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03.082021

Right to remuneration for the time spent by workers changing in and out of their uniform (uniform time): the main guidelines (Corriere delle Paghe de Il Sole 24 Ore, 3 August2021 – Andrea Di Nino, Antonello Gerardi)

There is much case law on the remuneration of the time spent by the worker for changing in and out of their uniform (uniform time).

Please note that Article 1, paragraph 2 of Legislative Decree no. 66/2003 defines working time as “any period during which the worker is at work, at the employer’s disposal and in the exercise of their activity or duties.”

Based on this definition, the case law has expressed different orientations depending on whether the “uniform time” was preparatory to the work performance or an integral part of it.

Recently, the Court of Cassation returned to the matter in ruling no. 15763 of 7 June 2021, denying the workers concerned the right to be paid for the “uniform time.” This is because in the employment relationship, the time necessary to put on the service clothing constitutes working time “only if qualified as hetero-directed.”  According to the Court of Cassation, in the absence of this requirement, dressing falls within “the preparatory diligence included in the main work obligation” and does not give rise to any independent consideration.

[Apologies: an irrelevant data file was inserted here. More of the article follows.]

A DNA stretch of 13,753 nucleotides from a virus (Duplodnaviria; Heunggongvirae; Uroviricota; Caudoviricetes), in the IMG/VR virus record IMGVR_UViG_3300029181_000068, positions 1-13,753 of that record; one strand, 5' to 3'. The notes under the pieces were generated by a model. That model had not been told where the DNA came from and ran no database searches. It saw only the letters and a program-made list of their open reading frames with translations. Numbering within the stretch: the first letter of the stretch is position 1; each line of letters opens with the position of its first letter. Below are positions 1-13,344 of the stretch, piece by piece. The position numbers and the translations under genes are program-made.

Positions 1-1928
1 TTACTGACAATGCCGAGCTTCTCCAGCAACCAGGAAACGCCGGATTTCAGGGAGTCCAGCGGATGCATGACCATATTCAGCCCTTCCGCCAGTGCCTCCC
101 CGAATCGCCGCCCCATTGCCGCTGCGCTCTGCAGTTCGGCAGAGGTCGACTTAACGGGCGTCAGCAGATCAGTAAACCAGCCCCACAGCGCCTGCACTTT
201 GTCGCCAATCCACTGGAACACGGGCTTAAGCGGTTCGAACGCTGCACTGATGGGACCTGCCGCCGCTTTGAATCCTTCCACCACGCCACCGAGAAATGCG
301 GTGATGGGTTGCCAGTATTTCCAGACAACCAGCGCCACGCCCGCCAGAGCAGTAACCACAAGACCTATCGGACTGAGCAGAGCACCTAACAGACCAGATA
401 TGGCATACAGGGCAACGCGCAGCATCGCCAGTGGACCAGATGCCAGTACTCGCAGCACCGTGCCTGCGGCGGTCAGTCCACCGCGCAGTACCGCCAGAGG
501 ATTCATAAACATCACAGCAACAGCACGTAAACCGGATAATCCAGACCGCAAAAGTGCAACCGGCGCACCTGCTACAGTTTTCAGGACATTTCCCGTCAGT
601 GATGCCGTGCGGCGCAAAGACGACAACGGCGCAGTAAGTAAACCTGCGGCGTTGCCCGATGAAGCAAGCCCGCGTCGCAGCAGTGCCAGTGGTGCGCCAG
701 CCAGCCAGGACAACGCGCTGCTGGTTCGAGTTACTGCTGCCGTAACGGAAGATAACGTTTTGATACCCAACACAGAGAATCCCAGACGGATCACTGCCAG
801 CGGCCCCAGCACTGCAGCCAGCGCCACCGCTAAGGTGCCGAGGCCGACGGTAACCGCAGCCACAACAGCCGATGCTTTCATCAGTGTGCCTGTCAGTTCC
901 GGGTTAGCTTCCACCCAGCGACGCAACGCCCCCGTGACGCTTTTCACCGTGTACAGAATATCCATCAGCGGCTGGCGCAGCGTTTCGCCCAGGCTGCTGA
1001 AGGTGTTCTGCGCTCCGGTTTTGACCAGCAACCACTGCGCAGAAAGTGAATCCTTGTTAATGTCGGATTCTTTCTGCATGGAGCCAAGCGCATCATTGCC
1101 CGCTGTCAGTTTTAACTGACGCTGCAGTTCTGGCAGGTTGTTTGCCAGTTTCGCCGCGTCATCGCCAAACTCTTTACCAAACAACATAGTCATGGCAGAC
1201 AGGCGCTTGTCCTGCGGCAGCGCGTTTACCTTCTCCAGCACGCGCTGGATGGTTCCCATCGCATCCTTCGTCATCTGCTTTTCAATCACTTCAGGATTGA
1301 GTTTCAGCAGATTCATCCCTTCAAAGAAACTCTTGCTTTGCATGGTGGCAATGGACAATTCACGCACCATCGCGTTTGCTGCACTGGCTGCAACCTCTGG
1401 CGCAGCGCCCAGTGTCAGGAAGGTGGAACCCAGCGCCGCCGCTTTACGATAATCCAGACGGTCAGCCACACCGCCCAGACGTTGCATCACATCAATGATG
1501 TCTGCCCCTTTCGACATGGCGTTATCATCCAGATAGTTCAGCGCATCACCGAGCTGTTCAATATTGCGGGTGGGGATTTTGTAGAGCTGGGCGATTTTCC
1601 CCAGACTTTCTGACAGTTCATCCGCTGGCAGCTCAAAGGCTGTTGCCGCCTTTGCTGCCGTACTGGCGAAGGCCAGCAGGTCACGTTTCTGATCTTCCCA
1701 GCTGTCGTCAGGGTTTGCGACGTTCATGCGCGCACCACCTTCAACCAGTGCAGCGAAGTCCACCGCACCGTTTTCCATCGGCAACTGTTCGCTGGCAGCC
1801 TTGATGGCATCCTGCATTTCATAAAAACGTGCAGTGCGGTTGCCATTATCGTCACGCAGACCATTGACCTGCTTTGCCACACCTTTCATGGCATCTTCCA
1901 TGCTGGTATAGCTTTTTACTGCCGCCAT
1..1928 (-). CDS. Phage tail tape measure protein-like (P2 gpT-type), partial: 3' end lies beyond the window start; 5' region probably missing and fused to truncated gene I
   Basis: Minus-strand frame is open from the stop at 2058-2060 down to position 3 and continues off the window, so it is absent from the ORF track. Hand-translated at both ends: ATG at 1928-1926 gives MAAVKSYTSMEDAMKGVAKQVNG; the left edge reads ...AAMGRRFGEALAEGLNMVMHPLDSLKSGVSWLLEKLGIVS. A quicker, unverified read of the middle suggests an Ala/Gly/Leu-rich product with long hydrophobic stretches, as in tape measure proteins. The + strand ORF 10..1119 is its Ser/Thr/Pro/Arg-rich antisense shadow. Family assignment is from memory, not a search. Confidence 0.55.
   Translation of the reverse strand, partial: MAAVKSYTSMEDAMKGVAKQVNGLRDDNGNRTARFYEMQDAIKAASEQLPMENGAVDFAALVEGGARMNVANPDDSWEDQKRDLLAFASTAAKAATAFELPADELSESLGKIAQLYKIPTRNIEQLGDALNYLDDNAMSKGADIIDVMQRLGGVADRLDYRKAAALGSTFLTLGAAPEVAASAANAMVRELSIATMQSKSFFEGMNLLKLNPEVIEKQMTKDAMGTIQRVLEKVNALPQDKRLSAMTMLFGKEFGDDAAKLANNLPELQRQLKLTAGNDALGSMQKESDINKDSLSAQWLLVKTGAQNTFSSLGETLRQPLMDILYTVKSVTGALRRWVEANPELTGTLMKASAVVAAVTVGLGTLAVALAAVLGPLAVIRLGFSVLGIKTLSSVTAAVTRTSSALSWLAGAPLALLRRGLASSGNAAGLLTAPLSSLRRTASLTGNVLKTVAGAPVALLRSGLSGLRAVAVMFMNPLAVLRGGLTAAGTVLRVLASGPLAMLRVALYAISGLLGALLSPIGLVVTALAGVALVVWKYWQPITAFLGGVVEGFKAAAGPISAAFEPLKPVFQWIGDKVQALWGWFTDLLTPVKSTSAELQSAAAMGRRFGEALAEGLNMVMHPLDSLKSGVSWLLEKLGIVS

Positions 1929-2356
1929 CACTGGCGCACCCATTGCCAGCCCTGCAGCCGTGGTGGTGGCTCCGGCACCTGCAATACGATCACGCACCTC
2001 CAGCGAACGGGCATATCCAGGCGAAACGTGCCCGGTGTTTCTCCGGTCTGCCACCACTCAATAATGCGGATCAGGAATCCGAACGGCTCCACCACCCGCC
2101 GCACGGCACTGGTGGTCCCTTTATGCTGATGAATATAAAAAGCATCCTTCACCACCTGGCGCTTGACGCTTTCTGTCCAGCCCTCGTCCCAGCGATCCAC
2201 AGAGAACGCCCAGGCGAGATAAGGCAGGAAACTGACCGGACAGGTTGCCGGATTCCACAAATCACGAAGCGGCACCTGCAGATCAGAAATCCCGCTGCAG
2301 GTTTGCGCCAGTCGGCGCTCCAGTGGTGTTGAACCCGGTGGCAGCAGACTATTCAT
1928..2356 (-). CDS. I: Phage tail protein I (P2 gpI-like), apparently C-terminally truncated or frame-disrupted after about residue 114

In this case, it was found that the workers were not required to wear their work clothes on the company’s premises but were free to go to work and return home wearing them. The employer’s changing, showering and laundry services were facilities granted to employees for their needs, with no obligation to use them.

In another ruling, the same Court of Cassation has considered the dressing operations to be part of the preparatory phase and strictly functional to the workers’ performance, and as such to be remunerated as they are effectively hetero-directed (ruling no. 19358 of 10 September 2010). In this case, workers had to comply with a precise procedure before starting work; specifically, they were required to

  • pass, through a turnstile for the first time using a special badge, to gain access to the company’s changing room;
  • wear the uniform provided by the company;
  • clock in using the badge a second time before starting work;
  • at the end of the shift, clock in a third time, enter the changing room;
  • once finished undressing, clock in a fourth time and leave the company premises.

Continue reading the full version published in Corriere delle Paghe of Il Sole 24 Ore.